Over time, our new technology platform will also flexibly interface with inventory and point-of-sale systems in our company-owned stores and inventory and point of sale systems owned by our licensed partners. This new foundational technology will also enable even more convenient ways for customers to order their beverages and food, providing even more reasons for customers to set up digital relationships with us.

All of this digital activity requires physical transformation in-store, he adds:

New ordering capabilities also means transforming our store operations, and as part of the next generation of technology in our stores, we're adding the Digital Order Manager, or DOM, now present in roughly 1,000 of our busiest Mobile Order & Pay stores. We are also making improvements to our inventory management technology, and in the future, we'll be adding capabilities to enhance customer service, including introducing tools that enable baristas to recognize customers that deserve differentiated treatment, perhaps customers celebrating birthdays or regular customers from one store who show up at a different store.

This is about long-term thinking, concludes Ryan, noting that building lasting digital relationships takes time and focus:

We see ourselves as pioneers and leaders in building digital relationships with customers and have a proven track record of success that is unrivaled in retail. At the same time, we recognize that digital companies are trying to get into traditional retail businesses, like grocery. In our business, where the scale of our physical footprint, our customers' relationships with our partners, and the third-place experience we deliver are so critical, we have an inherent advantage that digital companies will struggle to replicate.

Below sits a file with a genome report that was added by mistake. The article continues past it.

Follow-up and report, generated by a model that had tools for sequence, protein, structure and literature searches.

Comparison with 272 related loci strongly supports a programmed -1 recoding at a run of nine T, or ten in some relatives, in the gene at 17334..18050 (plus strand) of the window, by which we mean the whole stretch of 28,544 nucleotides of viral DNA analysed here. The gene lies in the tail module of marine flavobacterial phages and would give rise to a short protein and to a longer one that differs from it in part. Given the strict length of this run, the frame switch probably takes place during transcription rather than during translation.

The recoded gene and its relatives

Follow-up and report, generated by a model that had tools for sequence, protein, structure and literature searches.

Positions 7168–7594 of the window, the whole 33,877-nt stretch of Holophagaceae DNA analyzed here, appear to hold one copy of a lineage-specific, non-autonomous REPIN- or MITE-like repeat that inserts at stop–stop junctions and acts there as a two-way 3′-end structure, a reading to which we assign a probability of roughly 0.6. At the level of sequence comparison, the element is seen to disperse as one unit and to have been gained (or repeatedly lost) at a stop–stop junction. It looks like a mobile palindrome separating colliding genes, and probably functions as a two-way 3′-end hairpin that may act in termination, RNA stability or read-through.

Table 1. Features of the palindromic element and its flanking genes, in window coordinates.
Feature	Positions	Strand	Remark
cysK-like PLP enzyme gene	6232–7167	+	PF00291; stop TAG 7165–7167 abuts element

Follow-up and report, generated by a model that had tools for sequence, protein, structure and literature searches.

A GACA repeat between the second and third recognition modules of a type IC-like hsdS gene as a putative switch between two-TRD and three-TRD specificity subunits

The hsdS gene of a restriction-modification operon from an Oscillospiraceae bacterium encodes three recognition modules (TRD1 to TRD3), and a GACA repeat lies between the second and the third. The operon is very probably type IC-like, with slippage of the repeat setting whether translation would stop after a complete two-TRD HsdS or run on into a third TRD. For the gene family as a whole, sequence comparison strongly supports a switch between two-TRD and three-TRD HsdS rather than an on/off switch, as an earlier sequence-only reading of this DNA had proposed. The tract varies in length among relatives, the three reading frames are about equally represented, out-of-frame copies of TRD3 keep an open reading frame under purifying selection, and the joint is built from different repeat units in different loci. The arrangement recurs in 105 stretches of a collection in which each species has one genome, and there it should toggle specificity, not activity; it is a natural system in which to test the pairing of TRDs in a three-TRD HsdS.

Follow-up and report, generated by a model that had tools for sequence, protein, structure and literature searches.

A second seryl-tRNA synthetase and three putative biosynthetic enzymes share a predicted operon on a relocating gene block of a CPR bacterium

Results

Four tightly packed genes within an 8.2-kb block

We're not complacent and recognize that digital relationships will increasingly be the key drivers of demand generation, even in physical stores. By leading in the combination of physical and digital, we not only drive superior business results in the short term, based on rewards, ordering, and personalization, but we also make it very challenging for digital companies to outmaneuver us in the physical world.

While digital companies may win in other sectors, we will be the digital company that wins in ours. The current digital trajectory we have demonstrated is proof that we are winning today and will continue to extend our lead into the future.

My take

Long-term planning to build on early adopter digital foundations. Starbucks remains a digital retail exemplar.